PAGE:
Giulia La Torre García
GEM-DIAMOND doctoral fellow
ESR 16 – The European Constitutional Counter-Revolution
Broadly interested in the inter-linkages between the authority of law, constitutional discourse and the legitimacy of adjudication, I am presently engaged in the substantive study of the primacy of EU law. The focus of my current research lies, more specifically, on the normative function, underpinnings and positioning of the EU law principle of primacy, which I intend to reconstruct largely on the basis of the CJEU’s jurisprudence and in the light of the persistent, and ongoing, wave of national constitutional contestation.
Emergence and evolution of the principle of primacy in the CJEU’s case-law: A constitutional story or a functionalist parable?
- Anne Weyembergh
- Nicolas Levrat
EU law susceptibility to attack results from two major structural deficiencies.
The first regards the CJEU’s conceptualization and operationalization of the principle of primacy and relates, more specifically, to the imbalance between facticity and validity that can be found at its core. It is posited, in this relation, that the CJEU, in attempting to overcome the limitations of the EU legal infrastructure and find a firmer basis for the primacy of EU law, has essentially decided on a strategy of output functional legitimacy to the detriment of input normative legitimacy. In so doing, primacy, as a concept that draws its meaning from the legal effectiveness it provides and not from the superior normative content of its highest laws, has been rendered contestable.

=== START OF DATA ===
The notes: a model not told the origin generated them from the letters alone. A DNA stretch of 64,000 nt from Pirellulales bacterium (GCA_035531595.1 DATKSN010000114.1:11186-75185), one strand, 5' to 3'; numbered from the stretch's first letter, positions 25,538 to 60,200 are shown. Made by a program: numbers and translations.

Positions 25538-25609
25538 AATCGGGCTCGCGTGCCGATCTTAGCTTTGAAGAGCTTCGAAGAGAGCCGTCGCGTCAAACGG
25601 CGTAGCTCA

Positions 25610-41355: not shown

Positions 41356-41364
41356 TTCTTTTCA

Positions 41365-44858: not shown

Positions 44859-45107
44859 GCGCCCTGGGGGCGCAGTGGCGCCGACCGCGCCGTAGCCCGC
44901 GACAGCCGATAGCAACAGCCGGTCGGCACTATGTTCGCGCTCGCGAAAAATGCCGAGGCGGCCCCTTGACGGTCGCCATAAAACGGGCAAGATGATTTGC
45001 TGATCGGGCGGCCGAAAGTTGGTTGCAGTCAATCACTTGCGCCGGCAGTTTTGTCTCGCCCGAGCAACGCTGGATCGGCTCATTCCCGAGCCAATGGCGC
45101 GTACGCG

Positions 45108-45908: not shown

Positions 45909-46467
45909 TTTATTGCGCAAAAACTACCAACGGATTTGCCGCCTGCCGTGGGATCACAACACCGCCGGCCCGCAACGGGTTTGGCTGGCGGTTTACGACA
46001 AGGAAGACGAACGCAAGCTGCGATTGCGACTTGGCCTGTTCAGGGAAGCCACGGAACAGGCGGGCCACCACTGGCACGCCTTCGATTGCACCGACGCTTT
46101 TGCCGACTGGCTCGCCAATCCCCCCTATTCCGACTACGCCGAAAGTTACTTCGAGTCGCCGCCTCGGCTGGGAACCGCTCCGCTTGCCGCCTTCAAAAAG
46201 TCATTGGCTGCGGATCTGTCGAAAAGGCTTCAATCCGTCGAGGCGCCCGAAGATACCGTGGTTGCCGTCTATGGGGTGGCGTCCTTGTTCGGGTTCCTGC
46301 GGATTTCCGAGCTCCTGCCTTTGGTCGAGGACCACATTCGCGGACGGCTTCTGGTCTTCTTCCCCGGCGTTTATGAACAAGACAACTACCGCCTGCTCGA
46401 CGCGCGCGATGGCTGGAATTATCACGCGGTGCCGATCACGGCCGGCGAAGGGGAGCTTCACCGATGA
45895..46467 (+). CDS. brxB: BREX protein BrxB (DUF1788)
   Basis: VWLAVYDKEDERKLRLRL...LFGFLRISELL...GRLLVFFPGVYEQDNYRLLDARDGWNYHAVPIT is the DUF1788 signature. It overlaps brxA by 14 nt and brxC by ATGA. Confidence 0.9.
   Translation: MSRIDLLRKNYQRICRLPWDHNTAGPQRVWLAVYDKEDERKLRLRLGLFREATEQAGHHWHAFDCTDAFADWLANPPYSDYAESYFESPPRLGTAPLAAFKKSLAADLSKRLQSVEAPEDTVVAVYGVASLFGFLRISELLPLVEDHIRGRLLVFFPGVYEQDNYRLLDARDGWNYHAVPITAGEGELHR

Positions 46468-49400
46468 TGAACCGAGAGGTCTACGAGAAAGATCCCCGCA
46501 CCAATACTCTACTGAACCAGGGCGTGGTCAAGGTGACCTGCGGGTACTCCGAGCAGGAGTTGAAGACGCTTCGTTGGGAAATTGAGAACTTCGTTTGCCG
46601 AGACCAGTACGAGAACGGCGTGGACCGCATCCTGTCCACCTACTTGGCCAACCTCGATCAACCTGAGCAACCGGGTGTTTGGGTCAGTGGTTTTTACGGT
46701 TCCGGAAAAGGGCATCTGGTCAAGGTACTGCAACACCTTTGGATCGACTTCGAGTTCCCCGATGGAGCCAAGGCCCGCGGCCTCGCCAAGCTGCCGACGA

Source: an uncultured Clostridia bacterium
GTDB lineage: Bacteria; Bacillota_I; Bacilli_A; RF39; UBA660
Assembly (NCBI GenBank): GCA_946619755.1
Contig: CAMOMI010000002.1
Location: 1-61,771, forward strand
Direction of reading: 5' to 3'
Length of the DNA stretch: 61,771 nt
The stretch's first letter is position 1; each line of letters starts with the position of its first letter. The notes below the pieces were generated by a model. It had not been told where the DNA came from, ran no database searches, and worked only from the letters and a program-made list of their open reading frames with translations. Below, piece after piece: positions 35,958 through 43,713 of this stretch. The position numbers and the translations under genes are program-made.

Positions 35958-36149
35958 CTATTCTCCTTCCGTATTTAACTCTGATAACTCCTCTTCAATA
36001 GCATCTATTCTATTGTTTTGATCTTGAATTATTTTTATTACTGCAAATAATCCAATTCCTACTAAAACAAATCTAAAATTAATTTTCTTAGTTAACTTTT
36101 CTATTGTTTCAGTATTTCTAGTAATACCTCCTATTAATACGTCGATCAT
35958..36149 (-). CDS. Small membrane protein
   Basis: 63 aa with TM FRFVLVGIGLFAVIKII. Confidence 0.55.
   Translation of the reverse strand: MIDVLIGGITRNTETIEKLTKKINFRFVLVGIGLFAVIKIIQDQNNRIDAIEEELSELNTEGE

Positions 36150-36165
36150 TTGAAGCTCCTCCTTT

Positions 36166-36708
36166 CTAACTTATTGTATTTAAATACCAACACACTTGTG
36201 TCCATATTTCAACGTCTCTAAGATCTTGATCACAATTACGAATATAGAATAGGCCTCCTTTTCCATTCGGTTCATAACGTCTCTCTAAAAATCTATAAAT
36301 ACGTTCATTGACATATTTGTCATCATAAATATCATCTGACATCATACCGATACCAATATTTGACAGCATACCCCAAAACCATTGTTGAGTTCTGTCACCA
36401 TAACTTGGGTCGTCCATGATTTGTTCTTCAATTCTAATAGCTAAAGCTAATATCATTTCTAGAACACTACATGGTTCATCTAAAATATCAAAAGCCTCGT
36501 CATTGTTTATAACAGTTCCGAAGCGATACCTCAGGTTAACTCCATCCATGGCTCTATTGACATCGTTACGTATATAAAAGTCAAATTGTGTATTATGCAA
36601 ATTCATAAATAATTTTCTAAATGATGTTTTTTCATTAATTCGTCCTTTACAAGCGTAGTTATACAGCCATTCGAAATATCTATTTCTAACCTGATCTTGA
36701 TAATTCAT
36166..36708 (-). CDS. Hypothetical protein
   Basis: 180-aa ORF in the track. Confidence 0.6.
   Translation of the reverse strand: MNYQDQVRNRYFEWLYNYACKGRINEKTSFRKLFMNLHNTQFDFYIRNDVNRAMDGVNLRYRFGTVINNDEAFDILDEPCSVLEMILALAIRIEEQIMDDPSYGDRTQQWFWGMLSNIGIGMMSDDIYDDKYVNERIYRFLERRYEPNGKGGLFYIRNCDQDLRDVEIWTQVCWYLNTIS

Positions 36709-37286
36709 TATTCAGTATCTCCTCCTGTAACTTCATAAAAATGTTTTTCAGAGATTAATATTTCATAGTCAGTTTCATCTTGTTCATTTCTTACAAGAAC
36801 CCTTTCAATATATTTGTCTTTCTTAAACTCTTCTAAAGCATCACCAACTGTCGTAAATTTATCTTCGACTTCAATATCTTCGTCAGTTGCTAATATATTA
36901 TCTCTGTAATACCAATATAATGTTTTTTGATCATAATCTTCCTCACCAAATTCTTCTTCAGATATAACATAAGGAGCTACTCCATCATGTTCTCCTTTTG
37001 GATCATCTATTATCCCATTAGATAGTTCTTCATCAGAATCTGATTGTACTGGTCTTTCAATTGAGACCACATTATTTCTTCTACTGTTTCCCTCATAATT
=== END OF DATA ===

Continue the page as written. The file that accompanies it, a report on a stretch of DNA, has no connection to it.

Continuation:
The second touches upon the larger normative context in which the doctrine of primacy is required to operate and, in particular, the telos-driven nature of the EU constitutional order, with the close interaction between the EU law principles of primacy and proportionality which must inevitably follow. In short, the argument put forward is that the ailings of the principle of primacy are not only attributable to the CJEU's conceptual and methodological approach, but can also, crucially, be traced back to the to the link between competencies and objectives that is so particular to the EU legal order. It is submitted, in this regard, that it is only because competence allocation and competence conflict resolution rely heavily on aims and, by extension, on the proportionality of the means employed to achieve such aims, that national constitutional courts can so easily launch offensives on the authority of EU law.